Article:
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3GIO technology dubbed "PCI Express"

SEATTLE--The Third-generation input-output (3GIO) standard spawned by Intel and now backed by others has been given a formal name: PCI Express. The PCI-SIG announced the name Wednesday at Microsoft's Windows Hardware Engineering Conference (WinHEC) conference here. PCI is a standard way to plug devices such as network cards into a computer, but PCI Express will enable faster communications when it begins arriving at the end of 2003, its advocates say. The standard will first be used to connect chips within a computer and the graphics subsystem, with high-speed network cards to follow, supporters expect. A draft of PCI Express version 1.0 has been turned over for PCI-SIG's more than 740 members to review, and the final version is expected by a June 3-4 developer conference.

Stephen Shankland Former Principal Writer
Stephen Shankland worked at CNET from 1998 to 2024 and wrote about processors, digital photography, AI, quantum computing, computer science, materials science, supercomputers, drones, browsers, 3D printing, USB, and new computing technology in general. He has a soft spot in his heart for standards groups and I/O interfaces. His first big scoop was about radioactive cat poop.
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  • Shankland covered the tech industry for more than 25 years and was a science writer for five years before that. He has deep expertise in microprocessors, digital photography, computer hardware and software, internet standards, web technology, and more.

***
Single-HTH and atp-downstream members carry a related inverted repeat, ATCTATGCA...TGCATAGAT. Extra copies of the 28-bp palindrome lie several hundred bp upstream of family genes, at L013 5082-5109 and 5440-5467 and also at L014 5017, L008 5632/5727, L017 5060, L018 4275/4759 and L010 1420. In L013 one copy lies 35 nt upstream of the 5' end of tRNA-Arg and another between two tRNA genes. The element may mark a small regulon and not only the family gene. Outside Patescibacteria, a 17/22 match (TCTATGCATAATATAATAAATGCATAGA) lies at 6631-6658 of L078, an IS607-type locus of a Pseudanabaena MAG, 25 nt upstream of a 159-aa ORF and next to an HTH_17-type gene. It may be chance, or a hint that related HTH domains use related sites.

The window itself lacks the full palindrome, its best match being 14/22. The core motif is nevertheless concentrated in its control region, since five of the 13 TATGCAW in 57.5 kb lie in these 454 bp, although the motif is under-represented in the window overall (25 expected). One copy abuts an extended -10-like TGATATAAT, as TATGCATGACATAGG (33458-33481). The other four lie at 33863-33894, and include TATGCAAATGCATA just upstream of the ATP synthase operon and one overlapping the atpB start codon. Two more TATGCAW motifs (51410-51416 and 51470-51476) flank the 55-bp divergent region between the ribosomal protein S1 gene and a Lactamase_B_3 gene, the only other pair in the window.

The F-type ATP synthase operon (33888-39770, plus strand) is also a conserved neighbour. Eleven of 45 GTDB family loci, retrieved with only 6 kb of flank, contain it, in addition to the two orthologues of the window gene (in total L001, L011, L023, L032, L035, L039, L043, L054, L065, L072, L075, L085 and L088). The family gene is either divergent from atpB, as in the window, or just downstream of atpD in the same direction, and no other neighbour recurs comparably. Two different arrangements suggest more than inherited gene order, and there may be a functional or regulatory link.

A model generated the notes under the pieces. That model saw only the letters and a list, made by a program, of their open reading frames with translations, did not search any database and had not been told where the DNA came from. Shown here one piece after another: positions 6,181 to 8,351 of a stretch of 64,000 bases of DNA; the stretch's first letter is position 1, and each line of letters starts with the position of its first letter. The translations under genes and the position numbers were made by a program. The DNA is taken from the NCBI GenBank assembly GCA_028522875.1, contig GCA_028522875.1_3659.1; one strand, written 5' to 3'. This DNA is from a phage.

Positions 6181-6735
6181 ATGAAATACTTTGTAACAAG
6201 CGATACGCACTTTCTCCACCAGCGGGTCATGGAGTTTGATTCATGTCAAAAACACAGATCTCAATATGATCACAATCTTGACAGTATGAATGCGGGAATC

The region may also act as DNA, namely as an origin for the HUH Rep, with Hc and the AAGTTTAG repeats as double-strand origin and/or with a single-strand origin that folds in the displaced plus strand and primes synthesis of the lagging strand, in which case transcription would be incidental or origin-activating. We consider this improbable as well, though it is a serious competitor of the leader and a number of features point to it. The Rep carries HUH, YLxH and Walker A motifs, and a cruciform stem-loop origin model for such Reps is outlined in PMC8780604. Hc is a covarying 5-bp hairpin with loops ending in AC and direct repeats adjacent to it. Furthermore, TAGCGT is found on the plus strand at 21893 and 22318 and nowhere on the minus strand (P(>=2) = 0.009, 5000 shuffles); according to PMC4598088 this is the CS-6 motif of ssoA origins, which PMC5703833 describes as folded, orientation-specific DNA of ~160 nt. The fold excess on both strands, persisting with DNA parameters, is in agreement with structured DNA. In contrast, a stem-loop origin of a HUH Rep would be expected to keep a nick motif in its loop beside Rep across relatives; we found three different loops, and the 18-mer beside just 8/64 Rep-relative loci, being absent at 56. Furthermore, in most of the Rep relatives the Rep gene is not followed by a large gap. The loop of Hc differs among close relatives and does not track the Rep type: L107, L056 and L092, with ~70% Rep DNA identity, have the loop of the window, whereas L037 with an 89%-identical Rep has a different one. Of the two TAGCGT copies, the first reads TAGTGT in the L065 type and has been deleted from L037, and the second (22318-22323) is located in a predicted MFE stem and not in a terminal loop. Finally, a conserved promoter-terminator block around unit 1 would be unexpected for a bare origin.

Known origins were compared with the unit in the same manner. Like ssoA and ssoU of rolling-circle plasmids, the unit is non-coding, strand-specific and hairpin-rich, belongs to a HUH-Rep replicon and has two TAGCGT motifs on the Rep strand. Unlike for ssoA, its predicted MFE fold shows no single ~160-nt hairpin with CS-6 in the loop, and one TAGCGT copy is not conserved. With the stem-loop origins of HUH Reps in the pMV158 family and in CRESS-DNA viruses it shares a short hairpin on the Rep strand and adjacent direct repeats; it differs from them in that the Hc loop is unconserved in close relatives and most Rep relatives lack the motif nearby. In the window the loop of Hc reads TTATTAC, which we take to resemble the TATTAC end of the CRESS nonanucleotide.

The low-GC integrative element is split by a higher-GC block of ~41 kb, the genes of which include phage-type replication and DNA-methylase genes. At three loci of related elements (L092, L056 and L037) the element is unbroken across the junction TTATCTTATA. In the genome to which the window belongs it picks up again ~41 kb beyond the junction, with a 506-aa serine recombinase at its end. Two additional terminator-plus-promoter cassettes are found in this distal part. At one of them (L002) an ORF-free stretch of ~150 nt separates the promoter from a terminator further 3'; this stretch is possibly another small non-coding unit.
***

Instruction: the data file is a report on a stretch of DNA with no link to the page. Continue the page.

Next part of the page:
Stephen Shankland
SEATTLE--The Third-generation input-output (3GIO) standard spawned by Intel and now backed by others has been given a formal name: PCI Express. The PCI-SIG announced the name Wednesday at Microsoft's Windows Hardware Engineering Conference (WinHEC) conference here.

PCI is a standard way to plug devices such as network cards into a computer, but PCI Express will enable faster communications when it begins arriving at the end of 2003, its advocates say. The standard will first be used to connect chips within a computer and the graphics subsystem, with high-speed network cards to follow, supporters expect. A draft of PCI Express version 1.0 has been turned over for PCI-SIG's more than 740 members to review, and the final version is expected by a June 3-4 developer conference.